By any yardstick, a Ronald Reagan presidency would bring distinct changes to the United States, affecting not only Americans but peoples overseas. Despite Sen. Edward M. Kennedy's campaign description of President Carter as a clone of Mr. Reagan, clear differences stamp the policies of the two men.
Some of these, like income tax policy, are obvious. Others, involving foreign affairs, are less so.
Mr. Carter himself, speaking Wednesday in New York, called the differences between him and Reagan "brutal," both in their respective concepts of where America now stands and where the nation should go.
Analysts stress that, so far, they are dealing with Reagan's campaign rhetoric, which might be tempered if he became president -- just as Carter's performance in office differs from his 1976 goals.
In foreign affairs, experts single out the Soviet Union, the Middle East, and Taiwan as key areas in which Reagan's policies, as so far expressed, split with those of President Carter.
With his talk of achieving military superiority over the Soviets, Reagan alarms many West Europeans, who fear being caught in the middle of a superpower arms race.
US defensive strength, said Reagan in his nomination acceptance speech, is at "its lowest ebb in generation, while the Soviet Union is vastly outspending us in both strategic and conventional arms."
He opposes the SALT II treaty to limit nuclear weapons, claiming it is advantageous to the Soviets. he would, he says, negotiate a treaty to "genuinely limit strategic nuclear weapons."
America's European allies, together with State Department experts, see no chance that Soviet leaders would scrap SALT II in favor of a treaty acceptable to Reagan.
End result of Reagan's Soviet stance, said a US expert, might be "deep strains within NATO, with many Europeans basically disagreeing with US policies."
Even now, despite the Soviet invasion of Afghanistan, several West European governments are reluctant to impose -- at President Carter's urging -- the kind of economic sanctions against Moscow that might jeopardize future trade.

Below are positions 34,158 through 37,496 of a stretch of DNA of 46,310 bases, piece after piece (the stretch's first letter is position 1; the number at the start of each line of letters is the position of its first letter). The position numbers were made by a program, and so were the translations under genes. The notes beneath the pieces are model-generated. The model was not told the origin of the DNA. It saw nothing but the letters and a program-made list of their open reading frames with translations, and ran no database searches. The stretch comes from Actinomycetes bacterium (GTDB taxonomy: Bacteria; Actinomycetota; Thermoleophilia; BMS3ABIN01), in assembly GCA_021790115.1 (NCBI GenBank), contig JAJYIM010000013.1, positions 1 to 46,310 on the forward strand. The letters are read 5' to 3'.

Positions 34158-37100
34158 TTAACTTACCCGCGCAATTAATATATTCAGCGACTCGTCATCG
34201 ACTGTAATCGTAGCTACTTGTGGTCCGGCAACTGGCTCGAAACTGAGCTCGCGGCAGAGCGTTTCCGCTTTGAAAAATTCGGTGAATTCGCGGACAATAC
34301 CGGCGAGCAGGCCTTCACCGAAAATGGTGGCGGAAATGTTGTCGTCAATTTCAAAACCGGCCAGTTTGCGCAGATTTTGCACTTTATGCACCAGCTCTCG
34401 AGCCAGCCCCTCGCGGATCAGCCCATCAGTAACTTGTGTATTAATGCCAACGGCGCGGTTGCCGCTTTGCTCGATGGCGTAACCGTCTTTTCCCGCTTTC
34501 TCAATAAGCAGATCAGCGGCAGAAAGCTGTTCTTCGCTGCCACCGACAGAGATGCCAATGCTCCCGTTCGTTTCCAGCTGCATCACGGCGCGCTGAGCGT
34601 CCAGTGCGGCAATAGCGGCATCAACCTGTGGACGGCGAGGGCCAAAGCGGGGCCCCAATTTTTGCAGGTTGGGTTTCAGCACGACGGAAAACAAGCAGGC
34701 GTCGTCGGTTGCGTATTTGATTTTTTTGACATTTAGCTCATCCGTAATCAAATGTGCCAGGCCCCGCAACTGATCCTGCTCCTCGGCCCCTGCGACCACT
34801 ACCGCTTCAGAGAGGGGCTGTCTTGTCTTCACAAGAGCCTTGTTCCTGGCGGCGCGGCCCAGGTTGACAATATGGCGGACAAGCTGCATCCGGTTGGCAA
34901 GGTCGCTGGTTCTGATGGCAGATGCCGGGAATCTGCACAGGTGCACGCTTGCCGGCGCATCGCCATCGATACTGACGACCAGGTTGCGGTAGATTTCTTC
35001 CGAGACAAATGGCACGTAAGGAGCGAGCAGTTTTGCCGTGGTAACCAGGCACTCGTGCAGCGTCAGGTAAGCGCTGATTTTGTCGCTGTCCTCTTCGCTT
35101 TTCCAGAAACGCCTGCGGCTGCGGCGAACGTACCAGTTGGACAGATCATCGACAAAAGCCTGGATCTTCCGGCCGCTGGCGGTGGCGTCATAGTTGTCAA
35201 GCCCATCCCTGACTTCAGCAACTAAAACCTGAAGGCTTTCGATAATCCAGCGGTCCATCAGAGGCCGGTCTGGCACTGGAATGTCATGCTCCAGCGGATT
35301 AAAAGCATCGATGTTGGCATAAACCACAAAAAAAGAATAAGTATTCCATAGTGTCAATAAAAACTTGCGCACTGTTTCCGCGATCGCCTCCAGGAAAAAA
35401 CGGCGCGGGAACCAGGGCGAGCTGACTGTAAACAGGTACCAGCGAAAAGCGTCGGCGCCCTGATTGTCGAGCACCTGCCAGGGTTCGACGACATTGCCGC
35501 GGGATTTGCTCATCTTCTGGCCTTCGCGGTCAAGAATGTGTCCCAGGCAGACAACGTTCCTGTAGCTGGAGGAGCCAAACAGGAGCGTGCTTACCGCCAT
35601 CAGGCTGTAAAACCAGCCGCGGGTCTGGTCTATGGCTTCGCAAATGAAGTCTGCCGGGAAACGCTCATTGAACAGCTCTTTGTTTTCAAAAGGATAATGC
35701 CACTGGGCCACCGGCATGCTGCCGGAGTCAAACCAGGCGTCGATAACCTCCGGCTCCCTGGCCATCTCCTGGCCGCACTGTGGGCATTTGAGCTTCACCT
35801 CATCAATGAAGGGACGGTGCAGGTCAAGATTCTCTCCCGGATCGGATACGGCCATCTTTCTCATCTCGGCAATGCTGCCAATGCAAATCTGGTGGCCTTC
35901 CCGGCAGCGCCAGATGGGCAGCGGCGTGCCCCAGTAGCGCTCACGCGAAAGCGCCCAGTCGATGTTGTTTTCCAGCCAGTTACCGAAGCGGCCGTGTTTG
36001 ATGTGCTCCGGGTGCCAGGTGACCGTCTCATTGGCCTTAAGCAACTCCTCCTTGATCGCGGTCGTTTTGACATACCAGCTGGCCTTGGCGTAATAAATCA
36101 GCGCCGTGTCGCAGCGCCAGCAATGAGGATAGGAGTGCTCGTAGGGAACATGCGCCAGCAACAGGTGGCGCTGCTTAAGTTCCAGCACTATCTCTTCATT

As for the Middle East, Reagan's ringing support of Israel, including the latter's sovereignty over an undivided Jerusalem, would make it harder for moderate Arab leaders to cooperate with the US, analysts believe.
Reagan describes Israel as a staunch US ally, whose armed forces act as a deterrent to Soviet expansion in the Middle East. This primacy of Israel, in Reagan's rhetoric, so far is not matched by equal consideration of the strategic role played by Saudi Arabia, largest oil supplier to the United States.
Some analysts note what they call an inconsistency in Reagan's position. At home, he wants all price controls removed from domestic oil, reduction of the windfall profits tax on US oil companies, and the "return" of energy development to energy firms.
This accords with the views of giant US oil companies, whose officials, on the other hand, long have pleaded for a more evenhanded Arab-Israel approach from the US government.
Deploring what he calls the Carter abandonment of Taiwan, a "longtime ally and friend," Reagan advocates restoration of some kind of official US-Taiwanese relations, though not necessarily full diplomatic ties.
President Carter broke relations with the Taipei government when the United States exchanged ambassadors with the (mainland) Peoples Republic of China.
Chinese communist leaders, alert to Reagan's views, rumble warningly against resumption of government-to-government relations between Washington and taipei.
Apparent to most Americans is the striking difference between Reagan's advocacy of a 10 percent, across-the-board income tax cut, effective next Jan. 1 , and Carter's rousing attack on that proposal as inflationary.
In fact, analysts note, tax policy ultimately is decided by Congress, so that Reagan's jurisdiction, even as president, would be limited.
This stands in contrast, some analysts note, with foreign policy, which primarily is the responsibility of the president, not Congress.
Reagan and Carter share a desire for a balanced budget. But the Republican challenger would sharply boost military outlays and correspondingly trim social spending to reach that goal.
Mr. Carter and his advisers say that cannot be done without cutting into the bone of programs that support poor, elderly, and also disadvantaged Americans.
Zealous as Carter is to reduce government regulation of the economy, REagan likely would go him one better -- all with the aim of unshackling industry to achieve higher output and productivity.